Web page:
Here at Revolver, we're always on the hunt for new songs to bang our heads to — indeed, it's a big part of our jobs. With that in mind, here are the tracks released this week in hardcore, deathcore, thrash and more that have been on heavy rotation at Revolver HQ. For your listening pleasure, we've also compiled the songs in an ever-evolving Spotify playlist.
August Burns Red are at a point in their career where they have nothing left to prove; all they need to do is maintain the consistency they've carried out for the last 20 years. "Backfire" excels in that regard, supplying ABR fans with everything they've come to love about the Pennsylvania metalcore vets. Savory riffs, gargantuan breakdowns, attention-gripping vocals, and lyrics that actually mean something; in this instance, warning cries about the dangers of brewing fascism ("Endless belief in a liar leads to a violent backfire").
Enforced have been poised to snatch the crossover thrash crown for a while now, and 2023 will hopefully be the year it happens. "Ultra-Violence," the first single from their upcoming War Remains LP, is all the evidence one needs to bestow them their royal scepter. It's a no-notes thrash ripper, stuffed with piranha-like shredding and guillotine-chopping grooves. Best of all, it gets in and out in just over two minutes, trimming all the bloat and leaving only the good stuff. Bang your fucking head.
We certainly didn't have Lzzy Hale doing unclean screams on our 2023 bingo cards, but here we are. On "Violence No Matter What," the Halestorm belter gets ripped out of her hard-rock element and tossed into Avatar's world of carnival-esque melodeath, where she unleashes a furious recitation of the titular phrase during the song's gut-punching chorus. Hale's got a great singing voice, that much has been proven. But man, if Halestorm ever decided to start writing songs with breakdowns, she could pull it off.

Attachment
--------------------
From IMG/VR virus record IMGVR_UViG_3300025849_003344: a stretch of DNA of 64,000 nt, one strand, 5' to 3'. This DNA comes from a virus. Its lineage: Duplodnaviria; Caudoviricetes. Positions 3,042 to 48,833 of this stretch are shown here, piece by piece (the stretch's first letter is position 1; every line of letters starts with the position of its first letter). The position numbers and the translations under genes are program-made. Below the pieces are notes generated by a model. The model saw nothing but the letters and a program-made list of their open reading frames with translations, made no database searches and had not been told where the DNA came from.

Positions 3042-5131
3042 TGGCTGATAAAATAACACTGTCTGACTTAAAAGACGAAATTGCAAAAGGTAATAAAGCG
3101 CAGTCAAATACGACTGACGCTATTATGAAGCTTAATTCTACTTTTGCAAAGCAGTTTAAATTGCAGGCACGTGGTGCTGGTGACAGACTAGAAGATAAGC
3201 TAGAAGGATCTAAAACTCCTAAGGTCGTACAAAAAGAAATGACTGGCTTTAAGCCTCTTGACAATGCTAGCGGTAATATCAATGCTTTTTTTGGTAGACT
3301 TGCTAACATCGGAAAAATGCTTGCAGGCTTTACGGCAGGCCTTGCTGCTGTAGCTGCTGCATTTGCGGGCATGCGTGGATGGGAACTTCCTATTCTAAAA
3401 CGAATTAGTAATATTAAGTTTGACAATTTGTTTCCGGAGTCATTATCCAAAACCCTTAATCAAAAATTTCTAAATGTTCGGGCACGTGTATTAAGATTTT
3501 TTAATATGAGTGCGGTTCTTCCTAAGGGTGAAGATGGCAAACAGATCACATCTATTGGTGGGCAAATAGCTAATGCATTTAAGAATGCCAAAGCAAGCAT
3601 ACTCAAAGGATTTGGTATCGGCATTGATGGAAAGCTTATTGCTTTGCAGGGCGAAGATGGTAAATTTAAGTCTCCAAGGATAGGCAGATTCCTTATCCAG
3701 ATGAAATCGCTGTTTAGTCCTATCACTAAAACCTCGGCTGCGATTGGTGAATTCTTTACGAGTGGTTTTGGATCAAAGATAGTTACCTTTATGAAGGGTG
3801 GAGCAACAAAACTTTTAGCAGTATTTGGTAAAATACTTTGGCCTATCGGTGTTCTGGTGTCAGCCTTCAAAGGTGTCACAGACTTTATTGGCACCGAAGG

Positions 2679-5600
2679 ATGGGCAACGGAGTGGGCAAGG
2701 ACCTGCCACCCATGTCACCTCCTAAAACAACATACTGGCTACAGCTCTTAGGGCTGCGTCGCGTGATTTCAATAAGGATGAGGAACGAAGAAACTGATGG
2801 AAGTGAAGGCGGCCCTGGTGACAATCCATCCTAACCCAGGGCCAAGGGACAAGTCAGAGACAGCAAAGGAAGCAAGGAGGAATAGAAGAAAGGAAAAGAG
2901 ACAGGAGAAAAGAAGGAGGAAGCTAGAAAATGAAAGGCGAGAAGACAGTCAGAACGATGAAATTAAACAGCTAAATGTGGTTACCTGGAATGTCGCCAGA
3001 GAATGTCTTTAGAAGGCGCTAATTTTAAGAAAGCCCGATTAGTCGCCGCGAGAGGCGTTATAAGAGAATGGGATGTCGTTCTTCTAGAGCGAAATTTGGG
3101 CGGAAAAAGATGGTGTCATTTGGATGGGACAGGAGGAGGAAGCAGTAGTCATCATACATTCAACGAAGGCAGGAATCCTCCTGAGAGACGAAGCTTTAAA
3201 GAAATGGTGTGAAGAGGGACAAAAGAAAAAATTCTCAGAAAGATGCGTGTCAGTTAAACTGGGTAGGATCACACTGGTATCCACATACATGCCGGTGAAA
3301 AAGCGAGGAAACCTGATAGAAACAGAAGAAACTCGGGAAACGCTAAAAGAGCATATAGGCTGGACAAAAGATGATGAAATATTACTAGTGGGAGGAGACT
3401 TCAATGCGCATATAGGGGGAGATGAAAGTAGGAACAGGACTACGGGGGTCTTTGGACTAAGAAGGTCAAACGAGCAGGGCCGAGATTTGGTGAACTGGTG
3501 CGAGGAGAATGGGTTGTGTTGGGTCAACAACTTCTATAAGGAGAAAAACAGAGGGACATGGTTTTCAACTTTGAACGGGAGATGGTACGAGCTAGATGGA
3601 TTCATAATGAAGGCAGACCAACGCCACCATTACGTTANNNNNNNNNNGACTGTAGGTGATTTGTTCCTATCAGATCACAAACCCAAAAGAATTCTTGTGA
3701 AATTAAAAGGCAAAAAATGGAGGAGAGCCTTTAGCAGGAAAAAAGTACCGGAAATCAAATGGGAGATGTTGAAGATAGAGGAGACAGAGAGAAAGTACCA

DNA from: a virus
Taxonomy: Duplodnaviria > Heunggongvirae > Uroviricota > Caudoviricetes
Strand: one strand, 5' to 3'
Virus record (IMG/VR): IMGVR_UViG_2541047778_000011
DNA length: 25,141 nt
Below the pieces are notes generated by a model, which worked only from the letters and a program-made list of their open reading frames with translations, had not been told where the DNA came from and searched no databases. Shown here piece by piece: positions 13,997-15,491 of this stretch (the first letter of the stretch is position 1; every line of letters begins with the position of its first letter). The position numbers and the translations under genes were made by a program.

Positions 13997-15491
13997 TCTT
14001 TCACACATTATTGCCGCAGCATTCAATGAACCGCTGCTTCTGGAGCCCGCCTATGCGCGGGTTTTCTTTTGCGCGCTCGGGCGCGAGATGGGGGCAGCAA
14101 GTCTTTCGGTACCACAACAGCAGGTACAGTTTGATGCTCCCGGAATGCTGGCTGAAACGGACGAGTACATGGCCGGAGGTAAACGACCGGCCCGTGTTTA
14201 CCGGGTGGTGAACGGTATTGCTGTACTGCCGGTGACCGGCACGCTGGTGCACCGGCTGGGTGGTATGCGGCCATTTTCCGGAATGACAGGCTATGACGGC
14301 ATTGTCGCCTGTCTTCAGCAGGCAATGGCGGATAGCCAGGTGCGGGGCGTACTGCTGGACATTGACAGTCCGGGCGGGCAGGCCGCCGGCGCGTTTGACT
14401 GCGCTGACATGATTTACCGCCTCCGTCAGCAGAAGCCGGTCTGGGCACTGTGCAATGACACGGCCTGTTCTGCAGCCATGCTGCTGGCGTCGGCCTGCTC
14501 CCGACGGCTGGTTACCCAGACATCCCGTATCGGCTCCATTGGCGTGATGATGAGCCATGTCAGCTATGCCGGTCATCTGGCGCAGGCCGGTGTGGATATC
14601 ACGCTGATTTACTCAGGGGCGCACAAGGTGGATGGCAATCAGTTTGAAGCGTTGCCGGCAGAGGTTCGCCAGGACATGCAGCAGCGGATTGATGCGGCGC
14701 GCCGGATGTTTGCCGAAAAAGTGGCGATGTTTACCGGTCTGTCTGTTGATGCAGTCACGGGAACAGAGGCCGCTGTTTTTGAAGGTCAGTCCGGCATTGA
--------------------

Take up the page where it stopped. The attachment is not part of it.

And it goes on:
Slay Squad aren't your average deathcore band. In fact, they're really not a deathcore band at all, but they certainly muster that genre's torrential heaviness in their self-described "ghetto metal" compositions, which sometimes flip instantaneously into rattling trap songs or breakbeat-driven club bangers. "X" is all metallic savagery, though. There are two breakdowns in this thing that hit hard enough to level a mountain range, and the band's rap-inflected vocals give it an exciting, personable character that rarely makes its way into deathcore-style settings.
The style of metalcore that Unearth trailblazed at the turn of the 21st century is coming back in a big way, and the OGs are here to keep the bar raised high. "The Wretched; The Ruinous" sounds "straight out of 2004," as one YouTube commenter put it — and not in a bad way. It's got a kickass drum solo, a kickass guitar solo, kickass breakdowns and a kick-fucking-ass chanting part at the end that sounds like it's emanating from some kind of metalcore temple.
American Nightmare are living in a hardcore landscape of their own design. The whole look, feel and attitude of hardcore was flipped on its head when AN emerged in the early 2000s; the fact that the average hardcore band now has a dark, tortured image rather than a fresh-faced twinkle of youth crew exuberance can be traced back to AN's all-encompassing influence. So of course, these forever-renegades would want to push back against their own conventions. New single "Self Check-Out" kicks off with a drum machine, and while its sub-minute blast of rage is familiar, it's a helluva lot more rockin' and rollin' than it is scowly and sore-hearted. Still rips, though.